As with every recent Everyman Chess publication high quality paper is used and the printing is clear. Each diagram is clear as is the instructional text. Figurine algebraic notation is used throughout and the diagrams are placed adjacent to the relevant text.

The book consists of five chapters :

  1. Model Games : six games
  2. Combinations : 250 positions
  3. Evaluation : 100 positions
  4. Tests : 250 positions
  5. Solutions

The first aspect that leaps out is that material is largely based on real games from the last ten years. Secondly, those games have largely not found themselves into databases such as MegaBase 2020. Thirdly, many of the games are from North American tournaments and a good number featured are from the authors own practise.

The model games are entirely practical : real games played by strong but not super strong players with flaws and blunders that human beings make. They set the scene for the main course.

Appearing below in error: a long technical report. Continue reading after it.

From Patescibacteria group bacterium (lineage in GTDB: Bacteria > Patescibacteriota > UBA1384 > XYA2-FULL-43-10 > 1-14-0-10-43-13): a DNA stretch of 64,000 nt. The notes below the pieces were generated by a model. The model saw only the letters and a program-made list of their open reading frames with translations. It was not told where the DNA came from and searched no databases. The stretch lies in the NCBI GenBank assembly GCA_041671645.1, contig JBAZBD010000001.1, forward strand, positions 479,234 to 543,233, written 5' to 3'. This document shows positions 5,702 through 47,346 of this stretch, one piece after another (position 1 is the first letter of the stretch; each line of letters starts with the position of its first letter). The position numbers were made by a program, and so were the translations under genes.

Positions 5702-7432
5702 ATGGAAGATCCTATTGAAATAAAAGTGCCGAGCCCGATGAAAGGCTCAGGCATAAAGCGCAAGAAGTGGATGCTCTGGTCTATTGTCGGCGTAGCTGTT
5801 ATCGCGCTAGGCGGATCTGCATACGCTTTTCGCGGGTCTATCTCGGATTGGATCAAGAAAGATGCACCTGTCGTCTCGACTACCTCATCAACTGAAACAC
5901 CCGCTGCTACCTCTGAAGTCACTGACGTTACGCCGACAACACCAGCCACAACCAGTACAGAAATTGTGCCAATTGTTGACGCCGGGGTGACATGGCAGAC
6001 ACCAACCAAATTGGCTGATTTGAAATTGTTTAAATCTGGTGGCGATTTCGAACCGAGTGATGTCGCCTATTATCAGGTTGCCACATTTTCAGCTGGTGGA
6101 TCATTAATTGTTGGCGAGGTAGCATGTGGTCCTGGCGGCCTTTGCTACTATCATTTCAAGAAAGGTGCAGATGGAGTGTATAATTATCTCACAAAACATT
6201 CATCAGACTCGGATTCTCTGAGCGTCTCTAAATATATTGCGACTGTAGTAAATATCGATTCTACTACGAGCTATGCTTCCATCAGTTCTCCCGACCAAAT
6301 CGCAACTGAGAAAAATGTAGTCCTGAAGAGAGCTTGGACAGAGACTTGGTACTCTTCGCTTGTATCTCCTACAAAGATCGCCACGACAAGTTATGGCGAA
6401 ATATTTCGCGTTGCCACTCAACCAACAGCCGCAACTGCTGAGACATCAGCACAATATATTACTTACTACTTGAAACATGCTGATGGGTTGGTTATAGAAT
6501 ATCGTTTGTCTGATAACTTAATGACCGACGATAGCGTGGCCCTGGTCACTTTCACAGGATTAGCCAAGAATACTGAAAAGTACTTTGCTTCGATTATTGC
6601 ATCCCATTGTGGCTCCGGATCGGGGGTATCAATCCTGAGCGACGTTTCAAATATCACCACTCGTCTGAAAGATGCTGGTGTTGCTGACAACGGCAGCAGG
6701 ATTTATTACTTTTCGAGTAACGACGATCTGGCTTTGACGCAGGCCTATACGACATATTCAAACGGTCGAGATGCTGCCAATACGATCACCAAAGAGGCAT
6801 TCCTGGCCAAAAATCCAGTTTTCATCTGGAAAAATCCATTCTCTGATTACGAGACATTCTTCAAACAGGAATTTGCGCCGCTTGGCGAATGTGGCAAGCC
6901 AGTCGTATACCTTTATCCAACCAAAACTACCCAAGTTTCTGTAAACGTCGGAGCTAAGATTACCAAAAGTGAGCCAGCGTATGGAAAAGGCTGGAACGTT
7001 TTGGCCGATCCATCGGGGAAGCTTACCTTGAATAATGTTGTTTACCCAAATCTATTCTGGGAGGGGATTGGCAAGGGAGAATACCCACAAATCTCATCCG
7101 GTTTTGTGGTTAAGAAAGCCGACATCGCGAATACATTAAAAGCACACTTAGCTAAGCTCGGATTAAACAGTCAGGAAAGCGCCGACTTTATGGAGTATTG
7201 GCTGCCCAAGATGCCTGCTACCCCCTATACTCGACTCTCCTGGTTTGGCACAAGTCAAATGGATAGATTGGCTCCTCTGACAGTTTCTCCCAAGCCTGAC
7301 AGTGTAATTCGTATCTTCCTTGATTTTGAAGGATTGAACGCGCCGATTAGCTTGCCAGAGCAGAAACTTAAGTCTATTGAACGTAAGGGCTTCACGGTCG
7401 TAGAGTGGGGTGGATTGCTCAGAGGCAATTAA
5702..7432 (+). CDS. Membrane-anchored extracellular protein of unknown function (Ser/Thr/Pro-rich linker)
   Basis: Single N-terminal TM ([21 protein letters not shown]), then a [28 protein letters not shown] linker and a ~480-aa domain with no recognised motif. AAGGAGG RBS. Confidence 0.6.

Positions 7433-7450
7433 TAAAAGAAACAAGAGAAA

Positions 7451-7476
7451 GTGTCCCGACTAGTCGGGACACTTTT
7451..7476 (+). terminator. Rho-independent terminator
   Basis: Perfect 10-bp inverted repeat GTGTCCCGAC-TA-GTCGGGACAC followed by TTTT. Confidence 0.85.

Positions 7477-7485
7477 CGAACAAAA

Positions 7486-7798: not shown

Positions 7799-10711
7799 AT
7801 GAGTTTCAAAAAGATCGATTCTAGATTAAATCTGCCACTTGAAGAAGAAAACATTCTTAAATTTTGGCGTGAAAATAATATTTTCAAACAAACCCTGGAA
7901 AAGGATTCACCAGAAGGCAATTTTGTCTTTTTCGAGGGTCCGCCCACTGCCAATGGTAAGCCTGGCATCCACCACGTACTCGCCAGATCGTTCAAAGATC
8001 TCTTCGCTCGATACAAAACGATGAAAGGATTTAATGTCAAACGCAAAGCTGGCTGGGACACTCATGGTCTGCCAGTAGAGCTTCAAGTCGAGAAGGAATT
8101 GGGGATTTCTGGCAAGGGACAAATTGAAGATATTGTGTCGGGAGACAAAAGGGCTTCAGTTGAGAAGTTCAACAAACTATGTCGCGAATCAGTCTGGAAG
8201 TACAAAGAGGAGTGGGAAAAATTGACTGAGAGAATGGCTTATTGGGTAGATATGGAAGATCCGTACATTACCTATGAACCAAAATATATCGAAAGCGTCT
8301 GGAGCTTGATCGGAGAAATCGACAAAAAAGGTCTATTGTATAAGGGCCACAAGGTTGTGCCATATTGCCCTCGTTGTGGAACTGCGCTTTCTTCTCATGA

The Combinations chapters provides 250 unthemed positions which range from simple tactics of all types to deep combinations of tactics. The variety is excellent and, much like the Carsten Hansen book we reviewed earlier the positions are real and “messy”. Therefore very much for the tournament player rather than sanitised positions for teaching children and beginners.

Here is an example (#25) from M. Kernighan-J.Lipoka, Winnipeg, 2010.

Potentially the most interesting is the Evaluation section. The student is asked to study and pick apart the positions inorder to assess the correct outcome. Part of that assessment includes finding the best continuation. The solutions to these exercises focus on the latter it has to be said : We would like to have seen more of the assessment angle !

Here is an example (#343) from A.Jayakumar-G.Garcia, Philadelphia, 2012 :

Finally (the solutions do not count !), combining all of the previous elements, is the Tests section. If you were only to work on one section (but why would you do that ?) then this would be the most rewarding.